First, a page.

“They can still (choose) the life of the mother over the baby,” Zuiderveld wrote. “Which is very rare, I can’t think of one woman who would (choose) her life over her child’s. Most women would sacrifice their lives for their children.”

Dan Foreman, a Republican who served one term in the Idaho Senate from 2016 to 2018, will face Senate Democrat David Nelson, D-Moscow, and Constitution candidate James Hartley in November. Foreman has written that his top issue is for Idaho to abolish the “unnecessary, harmful and wasteful curse of abortion,” and said he would also introduce legislation eliminating the rape and incest exceptions.

Other likely Idaho senators hold back on making more changes to abortion restrictions

Rep. Linda Wright Hartgen, R-Twin Falls, has a challenger in November from the Constitution Party named Paul Thompson, but said assuming she’s in the Legislature next session, she doesn’t see a need for removing the exceptions or going after contraception.

“The majority of the people that I talk to actually wish we’d just leave it alone. I think they like the exceptions for incest and rape, and obviously the health of the mother. Most of us have not walked in these people’s shoes, so it’s hard for us to know,” Hartgen said. “To the bottom of my toes, I am pro-life, but there’s just a few things there that I feel like the doctor and the mother and father need to give strong consideration to.”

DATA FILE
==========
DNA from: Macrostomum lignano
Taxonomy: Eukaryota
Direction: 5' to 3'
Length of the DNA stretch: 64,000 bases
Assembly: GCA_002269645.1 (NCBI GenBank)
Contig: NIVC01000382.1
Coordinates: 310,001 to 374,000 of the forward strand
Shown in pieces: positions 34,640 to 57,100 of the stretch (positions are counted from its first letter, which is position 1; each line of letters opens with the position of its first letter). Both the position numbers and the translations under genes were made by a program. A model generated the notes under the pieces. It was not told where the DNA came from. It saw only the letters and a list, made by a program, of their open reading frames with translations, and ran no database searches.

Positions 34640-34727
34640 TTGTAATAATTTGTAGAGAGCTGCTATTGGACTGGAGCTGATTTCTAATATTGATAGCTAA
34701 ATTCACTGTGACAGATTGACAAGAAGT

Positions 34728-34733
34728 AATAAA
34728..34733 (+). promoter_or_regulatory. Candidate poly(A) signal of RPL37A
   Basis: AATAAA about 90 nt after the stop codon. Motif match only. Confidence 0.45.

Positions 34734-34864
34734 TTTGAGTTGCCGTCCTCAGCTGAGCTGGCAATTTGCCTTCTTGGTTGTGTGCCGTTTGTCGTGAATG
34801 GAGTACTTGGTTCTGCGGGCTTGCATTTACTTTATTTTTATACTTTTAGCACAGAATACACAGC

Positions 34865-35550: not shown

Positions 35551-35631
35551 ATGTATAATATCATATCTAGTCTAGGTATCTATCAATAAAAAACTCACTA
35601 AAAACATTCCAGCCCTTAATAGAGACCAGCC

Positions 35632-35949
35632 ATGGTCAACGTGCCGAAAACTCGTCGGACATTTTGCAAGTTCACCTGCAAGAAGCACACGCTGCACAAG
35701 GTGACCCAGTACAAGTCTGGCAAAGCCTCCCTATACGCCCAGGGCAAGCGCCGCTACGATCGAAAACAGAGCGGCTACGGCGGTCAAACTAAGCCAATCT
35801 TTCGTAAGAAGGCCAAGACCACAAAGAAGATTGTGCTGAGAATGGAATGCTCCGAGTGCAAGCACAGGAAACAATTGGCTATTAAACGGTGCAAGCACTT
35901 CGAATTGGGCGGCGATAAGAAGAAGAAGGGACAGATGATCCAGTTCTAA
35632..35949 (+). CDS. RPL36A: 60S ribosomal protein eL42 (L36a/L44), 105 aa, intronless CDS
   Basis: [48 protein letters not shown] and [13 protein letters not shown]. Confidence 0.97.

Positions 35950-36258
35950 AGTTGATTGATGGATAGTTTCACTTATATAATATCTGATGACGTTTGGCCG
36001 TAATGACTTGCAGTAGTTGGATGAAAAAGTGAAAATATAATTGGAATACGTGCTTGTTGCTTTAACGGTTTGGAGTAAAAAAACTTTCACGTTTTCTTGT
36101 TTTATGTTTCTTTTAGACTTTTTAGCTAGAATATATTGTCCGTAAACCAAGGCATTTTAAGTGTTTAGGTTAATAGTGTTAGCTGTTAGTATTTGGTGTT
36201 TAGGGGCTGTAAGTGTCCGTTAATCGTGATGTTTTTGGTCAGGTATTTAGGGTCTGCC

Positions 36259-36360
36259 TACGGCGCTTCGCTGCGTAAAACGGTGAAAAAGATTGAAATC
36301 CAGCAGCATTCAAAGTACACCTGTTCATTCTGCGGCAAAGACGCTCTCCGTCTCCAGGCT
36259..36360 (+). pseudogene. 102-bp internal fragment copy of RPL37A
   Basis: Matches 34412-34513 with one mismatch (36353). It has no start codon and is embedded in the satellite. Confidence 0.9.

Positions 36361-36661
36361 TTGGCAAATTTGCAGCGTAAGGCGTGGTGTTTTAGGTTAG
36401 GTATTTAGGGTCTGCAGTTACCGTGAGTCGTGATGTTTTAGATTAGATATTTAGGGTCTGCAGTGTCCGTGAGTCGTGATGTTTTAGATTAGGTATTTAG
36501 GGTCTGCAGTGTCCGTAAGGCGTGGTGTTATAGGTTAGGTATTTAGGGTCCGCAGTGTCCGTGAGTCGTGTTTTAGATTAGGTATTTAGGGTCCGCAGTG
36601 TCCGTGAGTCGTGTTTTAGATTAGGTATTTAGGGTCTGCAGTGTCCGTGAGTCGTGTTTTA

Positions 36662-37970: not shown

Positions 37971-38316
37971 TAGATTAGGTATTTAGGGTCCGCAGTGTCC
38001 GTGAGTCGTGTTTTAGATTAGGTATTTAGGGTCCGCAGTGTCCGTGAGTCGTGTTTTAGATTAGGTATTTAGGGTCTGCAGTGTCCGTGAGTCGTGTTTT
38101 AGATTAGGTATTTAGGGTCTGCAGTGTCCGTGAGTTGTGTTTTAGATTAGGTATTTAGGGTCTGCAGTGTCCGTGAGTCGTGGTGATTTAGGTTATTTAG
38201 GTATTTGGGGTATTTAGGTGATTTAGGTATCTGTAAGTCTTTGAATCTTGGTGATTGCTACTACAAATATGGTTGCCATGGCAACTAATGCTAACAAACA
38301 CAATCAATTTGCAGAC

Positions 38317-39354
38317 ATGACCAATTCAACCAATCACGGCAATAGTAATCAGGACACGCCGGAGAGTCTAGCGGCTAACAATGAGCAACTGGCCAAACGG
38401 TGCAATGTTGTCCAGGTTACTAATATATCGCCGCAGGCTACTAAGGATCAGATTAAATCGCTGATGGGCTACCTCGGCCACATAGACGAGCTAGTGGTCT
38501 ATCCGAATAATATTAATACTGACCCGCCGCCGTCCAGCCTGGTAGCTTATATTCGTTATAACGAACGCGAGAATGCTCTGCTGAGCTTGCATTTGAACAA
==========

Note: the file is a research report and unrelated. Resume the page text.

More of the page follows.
Wright Hartgen said she’d like to see the Legislature focus on policy issues related to water and education. And she is of the mind that they should leave businesses alone and let them decide what they want to do for their employees.

Chris Trakel, who defeated Rep. Greg Chaney, R-Caldwell, for a Senate seat, will face Democratic challenger Toni Ferro and Constitution nominee Kurtis Berger. To Trakel, any type of abortion is murder, although there are justifiable defenses. He said he would be hard pressed to decide an abortion was acceptable because of rape or incest, but as a representative, he said he would listen to what his constituents wanted. The same is true for contraception, he said.

“I’m not here to push my opinions through and what I think is right,” Trakel said. “I want as much input as I can from other people, and when I don’t have that input, I go off my own principles and thoughts.”

Mountain Home resident Geoff Schroeder beat six-term incumbent Rep. Terry Gestrin, R-Donnelly, for a seat in the Senate. He is running unopposed in the general election, and is one of few Idaho Republicans who says he doesn’t think the government should be in the position of making medical decisions for people.